Heading into its third season, Netflix’s controversial stalker drama You may feel like something of a known quantity—and to some extent that’s true. After all, by this point, you probably know if its particular brand of over-the-top, frequently blood-soaked deconstruction of romance and relationship tropes is something you enjoy. And if it isn’t, well, Season 3 is very much not going to be for you. But for those who have enjoyed the wild ride of You’s first two seasons, you’ll likely be delighted by the inventive ways this third outing manages to push the envelope of the series’ premise into fresh and entertainingly ridiculous new territory.
While the first season of You (initially a Lifetime Original) may have felt like a cautionary tale about the dangers of supposedly “nice guys” and the insidious ways social media can be made into a tool of monsters, its second (having moved to Netflix after finding a second life there) largely rehashed much of what had come before. In fact, you’d be forgiven for wondering exactly how long the show could continue to ask its viewers to suspend their disbelief—I mean, just how many people could Joe Goldberg (Penn Badgley) stalk, obsess over, and/or conveniently dispose of, all while skating this close to being found out by everyone from local law enforcement to a precocious teen girl?
Season 2 ultimately turned the tables on viewer expectations by revealing that Love Quinn (Victoria Pedretti), the latest object of Joe’s obsession/affection, was every inch as dark as he was and with her own body count to match. Now, Season 3 takes things to the next level, sending the pair to suburbia to raise their newborn son—the result of a surprise pregnancy that kept Joe from killing Love back in Los Angeles. (Ah, romance, right?)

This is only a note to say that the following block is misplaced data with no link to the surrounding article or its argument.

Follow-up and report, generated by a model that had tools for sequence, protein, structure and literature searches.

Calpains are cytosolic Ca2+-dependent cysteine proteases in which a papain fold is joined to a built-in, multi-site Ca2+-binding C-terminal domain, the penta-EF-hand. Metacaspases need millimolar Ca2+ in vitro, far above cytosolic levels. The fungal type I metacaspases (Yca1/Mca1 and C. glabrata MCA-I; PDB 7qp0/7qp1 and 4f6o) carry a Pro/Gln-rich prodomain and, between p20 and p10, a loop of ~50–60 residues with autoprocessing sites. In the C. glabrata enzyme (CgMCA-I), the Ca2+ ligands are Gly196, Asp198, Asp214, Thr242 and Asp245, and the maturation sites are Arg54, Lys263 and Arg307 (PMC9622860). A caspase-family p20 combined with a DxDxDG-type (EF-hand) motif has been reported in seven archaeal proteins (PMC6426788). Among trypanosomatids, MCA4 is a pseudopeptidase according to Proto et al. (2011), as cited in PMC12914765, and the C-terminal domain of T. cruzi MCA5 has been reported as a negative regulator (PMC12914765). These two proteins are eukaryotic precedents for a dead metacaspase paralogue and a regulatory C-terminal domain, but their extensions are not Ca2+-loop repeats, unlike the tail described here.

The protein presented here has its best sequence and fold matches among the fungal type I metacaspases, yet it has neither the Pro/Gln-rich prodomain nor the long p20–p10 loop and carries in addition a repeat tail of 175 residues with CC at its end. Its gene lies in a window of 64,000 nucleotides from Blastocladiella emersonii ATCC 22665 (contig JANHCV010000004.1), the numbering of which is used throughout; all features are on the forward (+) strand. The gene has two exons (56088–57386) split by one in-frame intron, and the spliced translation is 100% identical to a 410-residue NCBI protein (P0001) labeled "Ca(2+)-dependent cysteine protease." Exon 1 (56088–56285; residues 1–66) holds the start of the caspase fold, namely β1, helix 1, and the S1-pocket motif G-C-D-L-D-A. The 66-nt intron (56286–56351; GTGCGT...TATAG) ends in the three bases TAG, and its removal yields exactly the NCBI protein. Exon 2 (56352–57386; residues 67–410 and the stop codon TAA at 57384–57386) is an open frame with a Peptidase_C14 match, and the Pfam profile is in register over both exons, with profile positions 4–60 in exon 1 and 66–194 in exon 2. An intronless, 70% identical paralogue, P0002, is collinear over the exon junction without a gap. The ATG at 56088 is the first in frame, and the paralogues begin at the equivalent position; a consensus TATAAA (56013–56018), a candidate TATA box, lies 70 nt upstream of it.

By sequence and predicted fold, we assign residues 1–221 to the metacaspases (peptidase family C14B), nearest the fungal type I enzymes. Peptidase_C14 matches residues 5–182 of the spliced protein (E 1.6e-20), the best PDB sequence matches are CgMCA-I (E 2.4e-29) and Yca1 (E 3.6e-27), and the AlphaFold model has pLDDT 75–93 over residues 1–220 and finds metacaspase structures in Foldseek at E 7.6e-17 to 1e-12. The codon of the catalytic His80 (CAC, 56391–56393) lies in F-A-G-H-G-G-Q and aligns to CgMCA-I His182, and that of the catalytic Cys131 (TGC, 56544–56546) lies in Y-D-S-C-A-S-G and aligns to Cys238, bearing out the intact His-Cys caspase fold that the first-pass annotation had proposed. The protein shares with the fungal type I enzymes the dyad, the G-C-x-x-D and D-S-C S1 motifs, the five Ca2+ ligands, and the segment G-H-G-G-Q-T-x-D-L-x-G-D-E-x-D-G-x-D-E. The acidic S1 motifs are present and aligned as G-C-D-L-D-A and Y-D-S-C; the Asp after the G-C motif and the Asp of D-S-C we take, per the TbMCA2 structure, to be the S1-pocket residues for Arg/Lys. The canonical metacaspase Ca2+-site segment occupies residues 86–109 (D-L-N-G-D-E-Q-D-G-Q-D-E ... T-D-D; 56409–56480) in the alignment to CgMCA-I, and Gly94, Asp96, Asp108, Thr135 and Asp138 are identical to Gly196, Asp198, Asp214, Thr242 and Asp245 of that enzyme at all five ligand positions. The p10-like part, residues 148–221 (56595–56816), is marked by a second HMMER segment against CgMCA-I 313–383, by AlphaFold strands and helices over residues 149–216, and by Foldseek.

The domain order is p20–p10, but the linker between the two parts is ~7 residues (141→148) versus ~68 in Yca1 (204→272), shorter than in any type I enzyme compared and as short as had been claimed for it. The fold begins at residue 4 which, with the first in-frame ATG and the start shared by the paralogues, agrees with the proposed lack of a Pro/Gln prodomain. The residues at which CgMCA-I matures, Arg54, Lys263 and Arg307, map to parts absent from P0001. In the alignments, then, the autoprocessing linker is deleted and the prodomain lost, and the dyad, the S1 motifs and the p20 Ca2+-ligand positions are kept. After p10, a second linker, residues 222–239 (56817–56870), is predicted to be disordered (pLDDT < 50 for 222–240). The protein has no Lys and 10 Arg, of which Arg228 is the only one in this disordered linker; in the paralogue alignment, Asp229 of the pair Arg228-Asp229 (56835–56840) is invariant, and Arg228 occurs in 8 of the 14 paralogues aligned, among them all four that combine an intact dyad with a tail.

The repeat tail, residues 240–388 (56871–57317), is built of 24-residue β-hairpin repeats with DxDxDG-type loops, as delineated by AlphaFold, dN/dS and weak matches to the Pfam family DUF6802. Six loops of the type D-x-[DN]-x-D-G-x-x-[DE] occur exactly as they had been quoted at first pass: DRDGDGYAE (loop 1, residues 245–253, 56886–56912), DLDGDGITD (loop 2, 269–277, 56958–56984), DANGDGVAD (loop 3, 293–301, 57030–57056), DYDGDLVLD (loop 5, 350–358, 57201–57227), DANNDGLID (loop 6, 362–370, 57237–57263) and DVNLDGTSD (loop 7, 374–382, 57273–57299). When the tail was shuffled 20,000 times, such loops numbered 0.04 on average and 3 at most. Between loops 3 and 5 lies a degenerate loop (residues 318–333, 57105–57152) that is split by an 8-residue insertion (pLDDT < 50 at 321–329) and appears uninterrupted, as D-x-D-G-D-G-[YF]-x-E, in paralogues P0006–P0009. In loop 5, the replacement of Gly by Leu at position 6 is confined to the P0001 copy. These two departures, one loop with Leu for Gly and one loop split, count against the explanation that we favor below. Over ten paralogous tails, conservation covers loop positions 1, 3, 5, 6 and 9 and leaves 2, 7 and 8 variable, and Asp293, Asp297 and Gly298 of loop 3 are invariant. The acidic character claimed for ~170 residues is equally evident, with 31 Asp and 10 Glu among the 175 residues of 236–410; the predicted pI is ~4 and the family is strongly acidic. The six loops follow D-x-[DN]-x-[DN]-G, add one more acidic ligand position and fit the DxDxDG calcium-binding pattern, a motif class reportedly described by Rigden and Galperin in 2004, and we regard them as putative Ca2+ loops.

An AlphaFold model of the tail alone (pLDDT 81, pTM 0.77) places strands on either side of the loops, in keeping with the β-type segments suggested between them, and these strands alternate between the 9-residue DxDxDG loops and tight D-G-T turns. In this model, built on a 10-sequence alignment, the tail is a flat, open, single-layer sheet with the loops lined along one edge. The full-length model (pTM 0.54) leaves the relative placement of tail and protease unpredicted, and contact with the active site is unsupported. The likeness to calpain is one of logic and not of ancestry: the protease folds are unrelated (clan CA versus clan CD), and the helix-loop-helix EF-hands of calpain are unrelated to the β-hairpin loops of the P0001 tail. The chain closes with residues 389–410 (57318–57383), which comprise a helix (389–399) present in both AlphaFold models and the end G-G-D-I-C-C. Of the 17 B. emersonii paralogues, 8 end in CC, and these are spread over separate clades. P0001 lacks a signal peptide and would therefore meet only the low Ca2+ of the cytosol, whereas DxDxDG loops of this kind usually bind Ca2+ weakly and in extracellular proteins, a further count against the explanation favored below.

The story picks up essentially where the second season left off: Joe and Love are married and determined to become better people for the sake of their child. Joe makes it about fifteen minutes before he’s obsessing over bored housewife neighbor Natalie (Michaela McManus), and disaster predictably ensues. (Though probably not in the way you’re thinking right now.)
The change in scenery allows the show to take up—and skewer—an entirely new set of tropes, from the ennui of rich suburbanites to the ridiculousness of mommy-bloggers-turned-Instagram-stars. There’s also a subplot about anti-vaxxers that feels almost too on the nose for our current moment, but which nicely complicates our own feelings Joe, Love, and the things they perceive as threats.
Part of the fun of You is reveling in the ways that Joe repeatedly fools everyone around him, as well as the way that we, as viewers, are the only ones who get to see the full truth of who he is and what his intentions are. The addition of Love to the mix as a full-time POV character and a genuine partner for Joe adds an interesting, unexpected wrinkle to that dynamic, and there are plenty of moments where you’ll wonder who precisely you’re meant to be rooting for.
Though Season 3 contains plenty of Joe’s trademark self-involved voiceovers (and Badgley remains great at delivering them), it’s Pedretti’s Love who steals the show as the complex relationship between the Quinn-Goldbergs drives much of its narrative. In Love, who it turns out is just as unhinged at the man she married, Joe has unwittingly found both his perfect match and his greatest threat. Because Love gets Joe, which means she’s smart enough to pick up on his dark pattern of obsession and dangerous enough to punish him for stepping out of line.